In 1963 or early 1964, Edward Ryan, a talented executive and experienced home builder, became aware of the existence and availability of an 8000 acre tract near St. Charles City, Maryland.
He considered the land suitable for housing construction if sufficient funds and personnel could be found to develop it. Edward Ryan intended to undertake this vast project with Ryan Homes, but he found opposition within his Board of Directors.
Mr. Ryan was not easily dissuaded. Thwarted by his Board of Directors in his plan to have Ryan Homes directly involved in the development of the St. Charles tract, Ryan sought to involve the company indirectly. It was at this time (late 1964) that Sampson-Miller Associated Companies, Inc., (hereafter SMAC) entered the picture. No doubt, however, there had been prior discussion with SMAC, and there is no doubt that Edward Ryan sought the assistance of SMAC
so that he could use it and its subsidiaries to develop the land. Ryan Homes then would have an outlet in Maryland for its homes.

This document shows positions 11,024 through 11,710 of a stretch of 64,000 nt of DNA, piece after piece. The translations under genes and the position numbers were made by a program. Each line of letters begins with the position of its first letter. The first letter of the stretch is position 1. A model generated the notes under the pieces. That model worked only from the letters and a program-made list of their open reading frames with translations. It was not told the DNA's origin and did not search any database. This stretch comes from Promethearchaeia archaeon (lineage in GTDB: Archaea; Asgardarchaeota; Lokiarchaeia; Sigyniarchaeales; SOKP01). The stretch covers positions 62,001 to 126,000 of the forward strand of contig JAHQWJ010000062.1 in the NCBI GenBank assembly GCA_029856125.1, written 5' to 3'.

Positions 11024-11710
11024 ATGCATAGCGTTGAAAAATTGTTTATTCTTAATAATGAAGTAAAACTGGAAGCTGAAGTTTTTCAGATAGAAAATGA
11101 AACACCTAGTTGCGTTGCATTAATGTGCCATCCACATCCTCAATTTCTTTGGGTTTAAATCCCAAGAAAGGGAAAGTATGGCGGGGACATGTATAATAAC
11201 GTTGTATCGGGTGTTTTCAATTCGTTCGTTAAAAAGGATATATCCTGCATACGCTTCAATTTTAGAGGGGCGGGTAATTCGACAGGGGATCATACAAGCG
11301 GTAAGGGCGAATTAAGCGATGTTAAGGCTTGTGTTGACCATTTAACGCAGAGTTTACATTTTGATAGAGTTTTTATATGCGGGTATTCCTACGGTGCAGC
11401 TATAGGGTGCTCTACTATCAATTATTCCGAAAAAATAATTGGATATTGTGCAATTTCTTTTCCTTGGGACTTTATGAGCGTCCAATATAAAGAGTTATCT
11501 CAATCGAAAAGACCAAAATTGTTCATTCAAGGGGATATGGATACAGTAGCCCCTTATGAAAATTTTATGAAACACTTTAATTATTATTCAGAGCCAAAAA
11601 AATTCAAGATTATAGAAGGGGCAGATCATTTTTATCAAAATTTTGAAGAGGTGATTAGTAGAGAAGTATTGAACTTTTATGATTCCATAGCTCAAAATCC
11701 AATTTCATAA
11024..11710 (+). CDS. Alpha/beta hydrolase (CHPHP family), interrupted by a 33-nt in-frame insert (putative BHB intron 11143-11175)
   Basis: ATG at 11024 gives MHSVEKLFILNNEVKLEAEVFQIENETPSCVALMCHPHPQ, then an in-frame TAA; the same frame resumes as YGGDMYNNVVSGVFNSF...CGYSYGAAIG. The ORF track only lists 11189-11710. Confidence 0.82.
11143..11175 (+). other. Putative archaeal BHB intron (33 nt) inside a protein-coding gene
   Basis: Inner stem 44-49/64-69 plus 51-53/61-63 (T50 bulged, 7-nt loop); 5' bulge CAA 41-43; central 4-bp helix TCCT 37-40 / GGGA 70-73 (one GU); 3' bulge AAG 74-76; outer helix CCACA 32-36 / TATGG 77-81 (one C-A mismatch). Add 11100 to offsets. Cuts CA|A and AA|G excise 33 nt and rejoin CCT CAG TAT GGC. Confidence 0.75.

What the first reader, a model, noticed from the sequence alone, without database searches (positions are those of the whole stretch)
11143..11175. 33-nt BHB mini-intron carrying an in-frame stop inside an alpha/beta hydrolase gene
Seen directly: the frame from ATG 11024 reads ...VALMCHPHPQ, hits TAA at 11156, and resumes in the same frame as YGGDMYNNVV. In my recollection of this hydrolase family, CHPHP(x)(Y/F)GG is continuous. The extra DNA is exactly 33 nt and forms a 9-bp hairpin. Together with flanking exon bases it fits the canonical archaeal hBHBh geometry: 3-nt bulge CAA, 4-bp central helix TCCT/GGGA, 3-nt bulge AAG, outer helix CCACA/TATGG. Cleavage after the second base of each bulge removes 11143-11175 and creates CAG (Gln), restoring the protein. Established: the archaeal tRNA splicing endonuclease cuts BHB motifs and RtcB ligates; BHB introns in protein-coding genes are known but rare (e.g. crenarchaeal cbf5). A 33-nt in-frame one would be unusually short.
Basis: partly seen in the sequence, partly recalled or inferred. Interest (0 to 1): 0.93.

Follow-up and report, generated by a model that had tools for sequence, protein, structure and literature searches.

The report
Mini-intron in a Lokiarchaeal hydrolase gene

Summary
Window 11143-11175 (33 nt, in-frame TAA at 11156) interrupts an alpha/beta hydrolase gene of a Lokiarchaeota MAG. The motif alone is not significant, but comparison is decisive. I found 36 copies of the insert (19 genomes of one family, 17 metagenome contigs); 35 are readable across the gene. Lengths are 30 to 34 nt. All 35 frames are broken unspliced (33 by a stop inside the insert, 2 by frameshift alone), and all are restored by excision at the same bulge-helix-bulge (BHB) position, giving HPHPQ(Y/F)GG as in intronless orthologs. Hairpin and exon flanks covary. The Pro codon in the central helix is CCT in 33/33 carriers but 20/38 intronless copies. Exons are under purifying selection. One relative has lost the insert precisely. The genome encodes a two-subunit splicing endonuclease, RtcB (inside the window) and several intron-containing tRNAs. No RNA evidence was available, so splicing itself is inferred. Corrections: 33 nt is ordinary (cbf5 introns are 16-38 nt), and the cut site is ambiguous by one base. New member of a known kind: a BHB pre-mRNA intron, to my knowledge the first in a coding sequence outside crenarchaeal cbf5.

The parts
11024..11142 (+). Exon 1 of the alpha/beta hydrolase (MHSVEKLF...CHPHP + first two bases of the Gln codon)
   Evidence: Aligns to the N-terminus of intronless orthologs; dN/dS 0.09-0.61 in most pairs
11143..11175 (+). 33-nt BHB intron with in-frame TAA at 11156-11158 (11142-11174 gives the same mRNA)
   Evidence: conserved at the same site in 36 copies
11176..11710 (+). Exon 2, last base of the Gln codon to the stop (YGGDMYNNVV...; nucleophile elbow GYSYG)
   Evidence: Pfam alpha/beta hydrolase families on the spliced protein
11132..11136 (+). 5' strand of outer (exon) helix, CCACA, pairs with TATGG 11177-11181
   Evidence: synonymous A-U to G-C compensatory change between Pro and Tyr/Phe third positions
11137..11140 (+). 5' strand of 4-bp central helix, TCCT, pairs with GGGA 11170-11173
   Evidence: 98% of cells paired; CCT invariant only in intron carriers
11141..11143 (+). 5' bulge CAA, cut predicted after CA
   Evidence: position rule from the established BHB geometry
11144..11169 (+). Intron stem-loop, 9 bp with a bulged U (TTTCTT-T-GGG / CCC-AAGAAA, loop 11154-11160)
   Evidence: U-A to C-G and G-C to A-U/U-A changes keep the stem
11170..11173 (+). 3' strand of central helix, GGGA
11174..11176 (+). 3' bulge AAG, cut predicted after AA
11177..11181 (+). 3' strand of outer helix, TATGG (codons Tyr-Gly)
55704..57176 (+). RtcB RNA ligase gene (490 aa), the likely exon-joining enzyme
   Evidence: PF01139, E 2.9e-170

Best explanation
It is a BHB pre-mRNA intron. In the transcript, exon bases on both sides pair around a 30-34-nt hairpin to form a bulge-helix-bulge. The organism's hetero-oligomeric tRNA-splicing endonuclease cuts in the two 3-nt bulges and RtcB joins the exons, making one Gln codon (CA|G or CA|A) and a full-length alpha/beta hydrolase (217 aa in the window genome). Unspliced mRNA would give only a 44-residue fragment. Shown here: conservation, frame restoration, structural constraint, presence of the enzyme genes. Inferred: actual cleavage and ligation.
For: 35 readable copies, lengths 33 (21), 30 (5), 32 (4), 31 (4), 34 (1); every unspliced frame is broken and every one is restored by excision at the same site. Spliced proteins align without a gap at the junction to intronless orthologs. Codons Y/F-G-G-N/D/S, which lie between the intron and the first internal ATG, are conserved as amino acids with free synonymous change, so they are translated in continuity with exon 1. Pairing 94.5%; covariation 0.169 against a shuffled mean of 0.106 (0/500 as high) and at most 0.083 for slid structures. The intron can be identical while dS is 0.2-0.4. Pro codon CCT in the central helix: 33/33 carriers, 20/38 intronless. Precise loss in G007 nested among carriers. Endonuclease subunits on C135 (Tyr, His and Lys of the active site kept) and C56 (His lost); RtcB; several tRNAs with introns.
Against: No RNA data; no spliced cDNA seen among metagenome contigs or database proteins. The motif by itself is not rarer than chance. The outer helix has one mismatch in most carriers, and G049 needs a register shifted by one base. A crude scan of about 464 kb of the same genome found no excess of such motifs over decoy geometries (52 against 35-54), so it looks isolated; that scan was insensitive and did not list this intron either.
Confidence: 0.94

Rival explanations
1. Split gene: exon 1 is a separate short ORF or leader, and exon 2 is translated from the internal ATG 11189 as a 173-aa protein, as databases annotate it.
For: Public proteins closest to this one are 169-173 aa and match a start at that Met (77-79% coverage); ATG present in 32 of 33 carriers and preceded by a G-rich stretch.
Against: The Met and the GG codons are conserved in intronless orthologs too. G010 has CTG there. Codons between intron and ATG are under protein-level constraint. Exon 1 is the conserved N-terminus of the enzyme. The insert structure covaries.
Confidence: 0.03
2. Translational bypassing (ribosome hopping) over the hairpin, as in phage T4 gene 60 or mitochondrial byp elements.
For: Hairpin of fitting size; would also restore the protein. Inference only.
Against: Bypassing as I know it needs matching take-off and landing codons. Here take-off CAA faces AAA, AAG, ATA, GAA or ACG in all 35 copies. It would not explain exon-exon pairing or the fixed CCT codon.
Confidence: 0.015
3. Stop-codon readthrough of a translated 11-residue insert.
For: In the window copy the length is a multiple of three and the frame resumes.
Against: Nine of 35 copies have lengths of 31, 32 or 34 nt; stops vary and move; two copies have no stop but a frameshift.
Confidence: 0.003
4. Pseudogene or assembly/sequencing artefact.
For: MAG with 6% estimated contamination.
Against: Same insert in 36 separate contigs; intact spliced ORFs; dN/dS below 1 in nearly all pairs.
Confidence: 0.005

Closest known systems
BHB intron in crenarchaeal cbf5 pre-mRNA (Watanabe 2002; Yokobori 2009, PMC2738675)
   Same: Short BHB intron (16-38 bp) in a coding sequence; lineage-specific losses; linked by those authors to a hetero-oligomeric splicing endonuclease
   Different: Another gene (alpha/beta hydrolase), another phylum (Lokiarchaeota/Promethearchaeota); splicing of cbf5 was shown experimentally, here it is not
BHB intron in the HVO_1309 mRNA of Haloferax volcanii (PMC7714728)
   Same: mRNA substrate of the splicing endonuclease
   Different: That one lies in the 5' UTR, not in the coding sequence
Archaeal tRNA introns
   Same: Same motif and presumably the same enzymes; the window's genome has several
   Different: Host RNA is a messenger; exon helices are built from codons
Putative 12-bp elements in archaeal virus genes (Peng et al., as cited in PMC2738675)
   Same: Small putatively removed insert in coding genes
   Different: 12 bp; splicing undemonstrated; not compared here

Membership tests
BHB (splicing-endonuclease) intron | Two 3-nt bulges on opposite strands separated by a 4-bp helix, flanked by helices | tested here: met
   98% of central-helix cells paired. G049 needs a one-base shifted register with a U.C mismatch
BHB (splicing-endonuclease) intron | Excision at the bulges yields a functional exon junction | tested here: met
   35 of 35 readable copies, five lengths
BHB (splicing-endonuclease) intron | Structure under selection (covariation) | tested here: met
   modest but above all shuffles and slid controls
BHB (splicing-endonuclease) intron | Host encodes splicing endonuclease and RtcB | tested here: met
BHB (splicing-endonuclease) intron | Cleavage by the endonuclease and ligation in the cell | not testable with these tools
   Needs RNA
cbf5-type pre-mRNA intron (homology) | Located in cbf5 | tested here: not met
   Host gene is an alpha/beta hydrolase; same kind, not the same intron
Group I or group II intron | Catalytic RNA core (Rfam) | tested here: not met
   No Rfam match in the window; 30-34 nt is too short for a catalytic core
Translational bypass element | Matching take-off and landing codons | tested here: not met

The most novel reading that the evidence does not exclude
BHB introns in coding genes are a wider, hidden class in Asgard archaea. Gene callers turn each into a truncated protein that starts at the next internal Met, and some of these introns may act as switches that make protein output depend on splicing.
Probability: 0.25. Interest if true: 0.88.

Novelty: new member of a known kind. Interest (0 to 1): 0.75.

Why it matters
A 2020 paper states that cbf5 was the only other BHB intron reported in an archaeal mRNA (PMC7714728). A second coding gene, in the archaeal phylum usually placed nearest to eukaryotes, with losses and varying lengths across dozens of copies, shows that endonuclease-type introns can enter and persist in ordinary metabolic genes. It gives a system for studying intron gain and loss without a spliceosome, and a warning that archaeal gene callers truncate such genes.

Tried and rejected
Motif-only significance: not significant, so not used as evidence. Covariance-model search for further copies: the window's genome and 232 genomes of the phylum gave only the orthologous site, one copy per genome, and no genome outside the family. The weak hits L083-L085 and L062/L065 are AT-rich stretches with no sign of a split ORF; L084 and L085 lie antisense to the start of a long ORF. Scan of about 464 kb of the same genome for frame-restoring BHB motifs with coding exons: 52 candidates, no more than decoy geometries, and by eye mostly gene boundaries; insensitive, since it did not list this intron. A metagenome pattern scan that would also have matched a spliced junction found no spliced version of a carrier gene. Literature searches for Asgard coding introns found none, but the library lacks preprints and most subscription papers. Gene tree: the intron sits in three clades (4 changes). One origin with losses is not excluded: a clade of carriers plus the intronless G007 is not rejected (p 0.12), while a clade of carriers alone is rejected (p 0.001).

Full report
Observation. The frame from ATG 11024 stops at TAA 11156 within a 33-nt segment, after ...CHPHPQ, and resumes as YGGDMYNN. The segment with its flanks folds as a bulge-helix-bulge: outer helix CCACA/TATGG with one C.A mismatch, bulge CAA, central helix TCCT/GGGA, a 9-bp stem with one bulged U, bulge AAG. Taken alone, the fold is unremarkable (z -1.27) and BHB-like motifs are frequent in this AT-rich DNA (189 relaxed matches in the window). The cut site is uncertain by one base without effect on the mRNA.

On December 26, 1964, SMAC (which by this time Edward Ryan controlled through stock and financial arrangements)
through its wholly owned subsidiary, Hallmark Homes, Inc., entered into an agreement with St. Charles City, Inc. to purchase 1400 lots in the St. Charles development on which it would build homes. The agreement, among other things, gave Hallmark exclusive building rights at St. Charles and set up a multi-step schedule under which St. Charles City, Inc. would "develop" the lots on the tract of land. The lots, of course, were of no great value until developed (i.e., roads, streets, curbs, etc., in place), approved by the municipalities involved and ready for sale to a builder who could build and sell homes.
SMAC was not able financially without Edward Ryan's help and backing to engage in the contemplated construction of homes. In fact, it was involved in Chapter XI bankruptcy proceedings. St. Charles City, Inc. was also in some financial difficulty. Nevertheless, Edward Ryan, who saw a great opportunity in the St. Charles project, was able to arrange and negotiate a $4.75 million loan to St. Charles City, Inc. from Western Pennsylvania National Bank for use in so-called acquisition and development. Edward Ryan personally guaranteed $200,000 of the loan and persuaded Celotex Company to guarantee $500,000 and the Berens Company, (through their parent company, Associated Mortgages Company, Inc.) to guarantee another $500,000.